I’m not a sedimentologist. In fact, in the course of my PhD I’ve developed the sort of attitude which goes: if it happened at less than a thousand degrees, who cares. My life at the moment is full of crazy experiments at ridiculous temperatures and rocks which were once so hot they were liquid (or IGNEOUS rocks to the sharp-witted).
However, when a robot on Mars stumbles across a particular kind of sedimentary rock; a conglomerate, even people like myself get interested.
Now here comes the basics… Sedimentary rocks are formed when a flow of some kind – water, ice or wind (generally) picks up and moves bits of rock/dust (i.e. sediments) and drops them somewhere else. We are all intrinsically familiar with these deposits of sediments – think about beaches, rivers, sand dunes, lakes. The sediments are moved by the water/wind/ice/etc, and as soon as that transport medium runs out of energy, it drops the sediments it can longer carry. A river hurtling down a mountain side will have lots of spare energy to carry sand, pebbles and boulders, but as soon as it hits a flood plain or estuary the energy of the flow drops, and the sediments are all removed from it.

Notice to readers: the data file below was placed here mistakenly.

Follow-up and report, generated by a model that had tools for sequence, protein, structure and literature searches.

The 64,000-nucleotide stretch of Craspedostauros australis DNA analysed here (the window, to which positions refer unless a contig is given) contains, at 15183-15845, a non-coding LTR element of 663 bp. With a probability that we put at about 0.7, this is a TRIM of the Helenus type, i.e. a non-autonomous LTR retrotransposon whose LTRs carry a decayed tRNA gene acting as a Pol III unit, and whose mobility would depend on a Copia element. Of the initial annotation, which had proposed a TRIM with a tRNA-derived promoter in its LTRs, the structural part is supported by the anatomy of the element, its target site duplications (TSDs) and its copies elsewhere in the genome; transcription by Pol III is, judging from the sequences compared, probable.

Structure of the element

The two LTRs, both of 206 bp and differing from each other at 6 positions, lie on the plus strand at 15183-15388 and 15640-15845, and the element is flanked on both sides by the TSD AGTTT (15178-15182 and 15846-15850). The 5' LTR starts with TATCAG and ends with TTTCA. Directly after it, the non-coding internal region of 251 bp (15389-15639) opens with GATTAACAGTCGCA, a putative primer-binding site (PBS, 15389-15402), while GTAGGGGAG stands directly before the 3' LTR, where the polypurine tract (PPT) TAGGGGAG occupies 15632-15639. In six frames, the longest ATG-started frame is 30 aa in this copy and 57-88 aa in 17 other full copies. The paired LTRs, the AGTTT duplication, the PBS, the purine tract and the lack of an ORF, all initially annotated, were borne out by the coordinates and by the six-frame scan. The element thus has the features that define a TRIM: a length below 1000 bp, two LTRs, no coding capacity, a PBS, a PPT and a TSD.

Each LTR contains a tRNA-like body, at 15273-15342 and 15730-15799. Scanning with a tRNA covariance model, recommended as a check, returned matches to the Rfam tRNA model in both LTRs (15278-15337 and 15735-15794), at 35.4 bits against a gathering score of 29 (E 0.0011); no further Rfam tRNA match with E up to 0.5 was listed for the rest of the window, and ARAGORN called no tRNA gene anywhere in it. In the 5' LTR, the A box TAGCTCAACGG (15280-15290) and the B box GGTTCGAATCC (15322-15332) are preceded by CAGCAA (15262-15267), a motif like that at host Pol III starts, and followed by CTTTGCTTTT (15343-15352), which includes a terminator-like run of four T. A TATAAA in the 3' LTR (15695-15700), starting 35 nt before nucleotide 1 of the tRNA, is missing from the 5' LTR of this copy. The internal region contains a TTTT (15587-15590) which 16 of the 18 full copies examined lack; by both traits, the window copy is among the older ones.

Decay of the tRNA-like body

Now, if we, the geologically savvy are walking along, looking at our feet (we do this because we prefer to look at rocks than at people, I think) and we find a rock made up of sediments, we are able to start to understand what sort of flow was responsible for that rock’s formation. The same is true for the Mars Rover ‘Curiosity’, even though it doesn’t so much walk as trundle. Curiosity went out for a walk and ended up spying a conglomerate, which is basically a sedimentary rock made of big, rounded pebbles. This means that there was not only enough energy in the ‘flow’ to move big pebbles, but also to round off the edges, which only happens by continued attrition.
So why do we care? Well, there is only one type of flow that can produce a rounded pebble conglomerate, and that is a stream. A flow of some liquid moving fast and picking things up, bashing them against each other, and dropping them again. It would be a lie if I said ‘where there is water, there is life’ so let’s not jump to Martian conclusions, but finding this rock type is a bloody good step in the right direction!
N.B. the interested should refer to New Scientist for a much better treatment of this problem…